A Coverdell Education Savings Account or Coverdell ESA* (formerly known as an Education IRA) is a custodial saving account used for paying educational expenses. Taxpayers may make nondeductible cash contributions of up to a maximum amount per year for each child under age 18 (or for a special needs beneficiary). It can be used for elementary and secondary education expenses, as well as higher education expenses. There are contribution limits for taxpayers based on the contributor’s Modified Adjusted Gross Income. The money invested in a Coverdell IRA does not count against the maximum you may invest in your other IRAs. A Coverdell IRA is not a retirement arrangement, but is a trust or custodial account created only for the purpose of paying qualified education expenses. Earnings withdrawn from a Coverdell IRA for qualified expenses are totally exempt from federal income tax and from income taxes in most states as well.
Eligibility to contribute to a Coverdell IRA follows the income guidelines for a Roth IRA.
- Contributions are not subject to gift tax
- The accounts will be tax-exempt
- Distributions not in excess of amounts spent on qualified education expenses will be tax-free
These expenses include:
- Basic room and board charges
The exemption does not apply to room and board expenses if the student is enrolled on a less than half-time basis.
Anyone can contribute to a child's Coverdell ESA as long as their income falls within the income guidelines. However the total of all contributions for one beneficiary may not exceed the contribution limit set by the IRS.
Contributions may not be made to a Coverdell IRA established for a beneficiary during any tax year in which contributions are made to a qualified State tuition program (529 plan), for the same beneficiary.
If distributions for a year exceed qualified education expenses, the excess is taxable after basis is recovered proportionately from the entire distribution.
Any amount that is taxable also is subject to a 10% penalty, unless it is a distribution made on account of death, disability, or unless the distribution is equal to or less than the amount of scholarship or other tax-free educational assistance received by the account beneficiary.NOTE: Penalty-free education distributions cannot be made from qualified retirement plans. Qualified plan participants whose plans permit may want to consider transferring funds to a Coverdell IRA for penalty-free educational distribution.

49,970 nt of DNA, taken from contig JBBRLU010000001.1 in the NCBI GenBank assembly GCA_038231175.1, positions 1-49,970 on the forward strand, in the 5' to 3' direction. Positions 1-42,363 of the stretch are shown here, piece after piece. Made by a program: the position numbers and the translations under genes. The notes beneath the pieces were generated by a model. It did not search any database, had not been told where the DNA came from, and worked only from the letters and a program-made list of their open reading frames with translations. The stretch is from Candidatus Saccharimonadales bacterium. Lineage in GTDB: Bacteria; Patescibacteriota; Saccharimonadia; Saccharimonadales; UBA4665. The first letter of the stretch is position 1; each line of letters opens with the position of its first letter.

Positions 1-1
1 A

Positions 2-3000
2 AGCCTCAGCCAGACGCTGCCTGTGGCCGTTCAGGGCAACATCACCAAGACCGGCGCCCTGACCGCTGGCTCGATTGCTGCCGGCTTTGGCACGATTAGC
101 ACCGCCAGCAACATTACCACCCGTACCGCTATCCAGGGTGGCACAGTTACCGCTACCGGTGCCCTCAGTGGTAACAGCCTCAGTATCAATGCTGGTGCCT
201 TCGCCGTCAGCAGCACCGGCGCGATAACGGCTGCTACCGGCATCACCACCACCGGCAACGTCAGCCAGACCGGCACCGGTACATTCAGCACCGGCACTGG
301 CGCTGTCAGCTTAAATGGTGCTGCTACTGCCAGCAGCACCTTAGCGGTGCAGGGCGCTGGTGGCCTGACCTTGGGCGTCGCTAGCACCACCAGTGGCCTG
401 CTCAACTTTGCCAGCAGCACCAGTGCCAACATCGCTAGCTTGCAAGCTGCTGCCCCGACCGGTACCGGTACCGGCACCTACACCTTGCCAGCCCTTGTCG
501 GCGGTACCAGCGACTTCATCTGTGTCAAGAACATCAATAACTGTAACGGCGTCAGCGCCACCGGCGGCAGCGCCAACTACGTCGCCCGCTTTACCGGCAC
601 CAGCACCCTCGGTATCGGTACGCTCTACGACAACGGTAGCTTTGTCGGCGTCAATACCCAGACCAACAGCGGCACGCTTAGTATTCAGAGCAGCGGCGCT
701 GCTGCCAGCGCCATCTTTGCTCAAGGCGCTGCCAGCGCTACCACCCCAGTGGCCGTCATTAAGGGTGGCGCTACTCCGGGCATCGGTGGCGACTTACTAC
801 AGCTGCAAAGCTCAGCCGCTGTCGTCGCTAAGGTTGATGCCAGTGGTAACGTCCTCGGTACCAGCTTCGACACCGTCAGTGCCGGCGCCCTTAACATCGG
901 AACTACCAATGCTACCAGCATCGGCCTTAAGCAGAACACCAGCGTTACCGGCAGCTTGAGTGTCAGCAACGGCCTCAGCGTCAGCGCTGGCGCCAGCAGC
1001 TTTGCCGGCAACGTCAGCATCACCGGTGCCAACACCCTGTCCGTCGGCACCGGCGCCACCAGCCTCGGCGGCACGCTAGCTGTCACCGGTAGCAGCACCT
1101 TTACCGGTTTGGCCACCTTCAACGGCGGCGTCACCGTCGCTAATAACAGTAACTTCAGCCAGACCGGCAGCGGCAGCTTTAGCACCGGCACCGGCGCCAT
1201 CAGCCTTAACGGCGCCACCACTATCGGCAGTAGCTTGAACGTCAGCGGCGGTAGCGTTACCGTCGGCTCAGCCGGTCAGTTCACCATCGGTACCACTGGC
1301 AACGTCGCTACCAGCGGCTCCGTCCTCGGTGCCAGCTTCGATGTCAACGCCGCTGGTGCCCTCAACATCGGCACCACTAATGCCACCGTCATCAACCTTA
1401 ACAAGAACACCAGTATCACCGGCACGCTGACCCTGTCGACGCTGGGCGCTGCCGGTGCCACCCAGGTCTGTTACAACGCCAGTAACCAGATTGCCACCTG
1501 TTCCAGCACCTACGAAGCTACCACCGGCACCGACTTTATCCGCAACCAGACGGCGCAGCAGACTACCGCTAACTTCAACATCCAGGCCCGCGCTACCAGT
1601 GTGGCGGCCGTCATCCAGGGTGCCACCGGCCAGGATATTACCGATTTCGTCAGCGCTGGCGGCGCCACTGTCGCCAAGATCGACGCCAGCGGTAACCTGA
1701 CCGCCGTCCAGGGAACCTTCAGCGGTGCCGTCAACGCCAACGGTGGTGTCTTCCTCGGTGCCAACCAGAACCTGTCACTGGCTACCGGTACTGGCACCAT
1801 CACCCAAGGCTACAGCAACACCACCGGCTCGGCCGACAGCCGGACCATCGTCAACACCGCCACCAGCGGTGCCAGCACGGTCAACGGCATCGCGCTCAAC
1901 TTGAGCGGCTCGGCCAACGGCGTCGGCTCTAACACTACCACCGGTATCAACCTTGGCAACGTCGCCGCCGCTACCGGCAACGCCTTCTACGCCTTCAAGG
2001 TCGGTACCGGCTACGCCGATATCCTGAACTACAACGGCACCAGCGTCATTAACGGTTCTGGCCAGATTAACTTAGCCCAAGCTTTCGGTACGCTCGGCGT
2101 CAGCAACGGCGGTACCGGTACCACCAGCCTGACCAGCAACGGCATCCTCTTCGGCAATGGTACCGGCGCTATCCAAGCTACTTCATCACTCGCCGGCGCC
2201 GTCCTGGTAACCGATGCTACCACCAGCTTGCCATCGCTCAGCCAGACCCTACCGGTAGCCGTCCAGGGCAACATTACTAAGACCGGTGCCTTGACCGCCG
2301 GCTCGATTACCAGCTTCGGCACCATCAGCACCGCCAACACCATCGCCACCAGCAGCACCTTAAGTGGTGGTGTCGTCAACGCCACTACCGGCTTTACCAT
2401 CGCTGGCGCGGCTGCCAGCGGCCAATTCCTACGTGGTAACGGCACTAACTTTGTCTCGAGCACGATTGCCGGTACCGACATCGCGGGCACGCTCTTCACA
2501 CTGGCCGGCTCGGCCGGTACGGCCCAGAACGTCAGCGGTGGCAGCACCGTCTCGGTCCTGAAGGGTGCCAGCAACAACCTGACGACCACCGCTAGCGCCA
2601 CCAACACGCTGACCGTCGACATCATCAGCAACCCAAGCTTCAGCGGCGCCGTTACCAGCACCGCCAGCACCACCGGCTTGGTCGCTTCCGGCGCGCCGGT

A taxpayer won't be penalized if funds in the account aren't needed for educational purposes because the beneficiary received a scholarship.
Any remaining balance in a Coverdell IRA must be distributed when the beneficiary attains 30 years of age, and any earnings will then be subject to tax and penalty. However, before the beneficiary reaches age 30, the account balance can be rolled over or transferred tax-free to another Coverdell IRA for the benefit of a member of the family of the old beneficiary.
Qualified withdrawals from a Coverdell IRA include those expenses permitted for 529 plans and also include amounts transferred to a 529 plan.**
In any year that an exclusion is claimed for a distribution from an education IRA for a beneficiary, neither a HOPE credit nor a Lifetime Learning credit may be claimed for education expenses all for the same beneficiary. However, the exclusion for distributions from Coverdell IRAs can be waived if the HOPE credit or Lifetime Learning credit would save more tax than the waiver of the exclusion would cost.
For more details, see IRS Publication 970, Tax Benefits for Higher Education (at IRS.gov) or call 800-TAX-FORM (800-829-3676).
Please consult with your tax advisor.
* Coverdell ESA - Maximum allowable contributions to a Coverdell ESA are subject to Adjusted Gross Income limitations.
Investments in the plans are subject to market risk and there is no guarantee that funds will be sufficient to cover all college costs.
Please read the offering statement and participation agreement and carefully consider the investment objectives, risk and expenses before investing or sending money.
** 529 Plans - Please read the offering statement and participation agreement and carefully consider the investment objectives, risk and expenses before investing or sending money.
Investments in the 529 plans are subject to market risk and there is no guarantee that funds will be sufficient to cover all college costs.
Investor's home state may only offer favorable tax treatment for investing in a plan offered by such state.
Investor may incur penalties if funds are withdrawn early.
Guarantees and/or payments are based on the claims-paying ability of Issuer and not on the value of the securities within the account.